Two weeks of hanging out with my childhood friends have left me suffering from mild kidney pain and acute poverty. Though still several months shy of my 30th year, I just can’t seem to binge drink the way I used to — and not for lack of trying.
I mention my struggles with alcohol not to highlight yet another deficiency of my character, but rather to explain away the sad state of my pocketbook. I didn’t even want to risk a trip to the supermarket this weekend in the interest of avoiding the discomfort I’d feel should my debit card be declined. Weeks like this are the reason I keep the pantry well-stocked. I feel no qualms about spinning my circumstances when talking with Tara. I’m not too poor to buy meat. I’m interested in exploring vegetarian options. Hello lentil soup and meatless spaghetti.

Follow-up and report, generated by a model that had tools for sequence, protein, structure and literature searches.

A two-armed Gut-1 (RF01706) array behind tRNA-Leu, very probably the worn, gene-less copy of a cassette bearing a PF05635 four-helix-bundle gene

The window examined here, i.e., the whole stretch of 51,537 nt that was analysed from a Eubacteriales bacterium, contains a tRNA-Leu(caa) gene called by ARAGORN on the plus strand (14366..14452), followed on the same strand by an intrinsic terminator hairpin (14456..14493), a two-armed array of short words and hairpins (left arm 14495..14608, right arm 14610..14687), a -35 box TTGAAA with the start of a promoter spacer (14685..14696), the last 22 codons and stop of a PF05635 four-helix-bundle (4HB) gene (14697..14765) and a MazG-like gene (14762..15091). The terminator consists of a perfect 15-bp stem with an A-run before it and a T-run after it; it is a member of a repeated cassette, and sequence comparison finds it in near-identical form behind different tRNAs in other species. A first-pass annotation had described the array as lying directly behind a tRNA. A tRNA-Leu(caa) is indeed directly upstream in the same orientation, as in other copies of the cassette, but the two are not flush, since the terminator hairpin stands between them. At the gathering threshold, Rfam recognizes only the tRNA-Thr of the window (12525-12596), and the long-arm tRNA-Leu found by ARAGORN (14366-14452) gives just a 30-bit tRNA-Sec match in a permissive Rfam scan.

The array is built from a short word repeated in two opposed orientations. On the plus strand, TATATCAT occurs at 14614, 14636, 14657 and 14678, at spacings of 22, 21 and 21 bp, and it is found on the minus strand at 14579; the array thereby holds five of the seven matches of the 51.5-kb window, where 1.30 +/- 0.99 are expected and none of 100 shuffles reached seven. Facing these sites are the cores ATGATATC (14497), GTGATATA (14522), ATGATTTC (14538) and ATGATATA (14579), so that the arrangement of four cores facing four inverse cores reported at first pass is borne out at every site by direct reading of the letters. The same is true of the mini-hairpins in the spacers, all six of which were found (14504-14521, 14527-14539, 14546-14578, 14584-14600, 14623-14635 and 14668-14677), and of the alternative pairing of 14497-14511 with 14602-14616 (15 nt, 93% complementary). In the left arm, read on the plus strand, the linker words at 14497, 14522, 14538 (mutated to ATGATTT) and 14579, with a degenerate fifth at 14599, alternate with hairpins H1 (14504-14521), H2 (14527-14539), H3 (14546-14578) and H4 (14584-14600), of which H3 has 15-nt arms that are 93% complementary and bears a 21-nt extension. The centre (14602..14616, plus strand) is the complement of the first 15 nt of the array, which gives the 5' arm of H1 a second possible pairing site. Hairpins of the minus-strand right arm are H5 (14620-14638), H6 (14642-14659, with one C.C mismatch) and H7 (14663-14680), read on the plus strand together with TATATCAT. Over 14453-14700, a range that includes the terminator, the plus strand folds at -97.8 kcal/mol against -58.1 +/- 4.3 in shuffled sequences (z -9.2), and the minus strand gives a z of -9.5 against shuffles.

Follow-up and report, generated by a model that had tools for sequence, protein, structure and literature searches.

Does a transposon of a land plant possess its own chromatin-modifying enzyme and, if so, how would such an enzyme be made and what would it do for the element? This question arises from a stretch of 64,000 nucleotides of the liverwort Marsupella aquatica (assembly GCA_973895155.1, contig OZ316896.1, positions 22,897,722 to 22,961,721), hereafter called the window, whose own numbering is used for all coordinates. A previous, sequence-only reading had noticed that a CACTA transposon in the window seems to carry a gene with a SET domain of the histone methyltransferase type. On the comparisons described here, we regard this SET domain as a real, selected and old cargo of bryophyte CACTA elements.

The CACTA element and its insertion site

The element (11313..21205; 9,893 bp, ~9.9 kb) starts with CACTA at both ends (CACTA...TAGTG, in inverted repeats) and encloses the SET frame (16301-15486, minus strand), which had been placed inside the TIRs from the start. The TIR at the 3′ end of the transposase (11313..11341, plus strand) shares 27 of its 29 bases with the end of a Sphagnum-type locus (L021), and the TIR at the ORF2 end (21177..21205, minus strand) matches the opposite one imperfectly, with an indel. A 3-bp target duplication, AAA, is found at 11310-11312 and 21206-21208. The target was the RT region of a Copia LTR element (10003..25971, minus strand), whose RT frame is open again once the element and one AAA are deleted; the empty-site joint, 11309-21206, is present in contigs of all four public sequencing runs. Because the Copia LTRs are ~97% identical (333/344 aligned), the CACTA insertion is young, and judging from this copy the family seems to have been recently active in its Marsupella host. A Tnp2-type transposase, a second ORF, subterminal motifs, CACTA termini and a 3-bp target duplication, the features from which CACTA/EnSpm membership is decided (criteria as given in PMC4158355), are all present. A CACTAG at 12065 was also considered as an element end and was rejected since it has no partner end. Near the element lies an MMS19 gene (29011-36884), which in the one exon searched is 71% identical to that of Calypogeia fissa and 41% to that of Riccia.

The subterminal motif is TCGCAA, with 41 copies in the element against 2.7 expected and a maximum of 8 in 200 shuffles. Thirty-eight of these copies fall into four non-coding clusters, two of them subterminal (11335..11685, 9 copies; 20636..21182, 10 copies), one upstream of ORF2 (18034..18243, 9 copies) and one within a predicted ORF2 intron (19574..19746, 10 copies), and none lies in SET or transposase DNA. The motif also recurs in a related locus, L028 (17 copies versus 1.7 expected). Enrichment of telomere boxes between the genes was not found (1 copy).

The only problem with my approach is that I didn’t have any emergency lunch fixings kicking around. I’d planned on eating a week-old couscous I’d left in the fridge at work last week, but when I opened it up, the stench of rotting Merguez nearly knocked me over. It appeared I’d have to chance having my card declined at one of the NE’s many fast food restaurants. Not exactly an enticing lunch option.
I ended up in the drive-through at Wendy’s on 32nd Avenue. I ordered a Spicy Chicken combo with regular size fries and a Coke. The clerk then asked what size I wanted. I glanced at the menu board to ensure I was using the correct terminology and then specified that I had meant medium when I said regular. I just assumed that would be understood. I promise to hold fast food personnel to a lower standard in the future.
Regardless of this woman’s stupidity, I promptly received my food, passed my card through the window and punched in my PIN. I made sure the car was in gear, and as soon as I handed it back to her, I hit the gas. I’m still not sure if the transaction was approved or not. I don’t really care.
Full either way,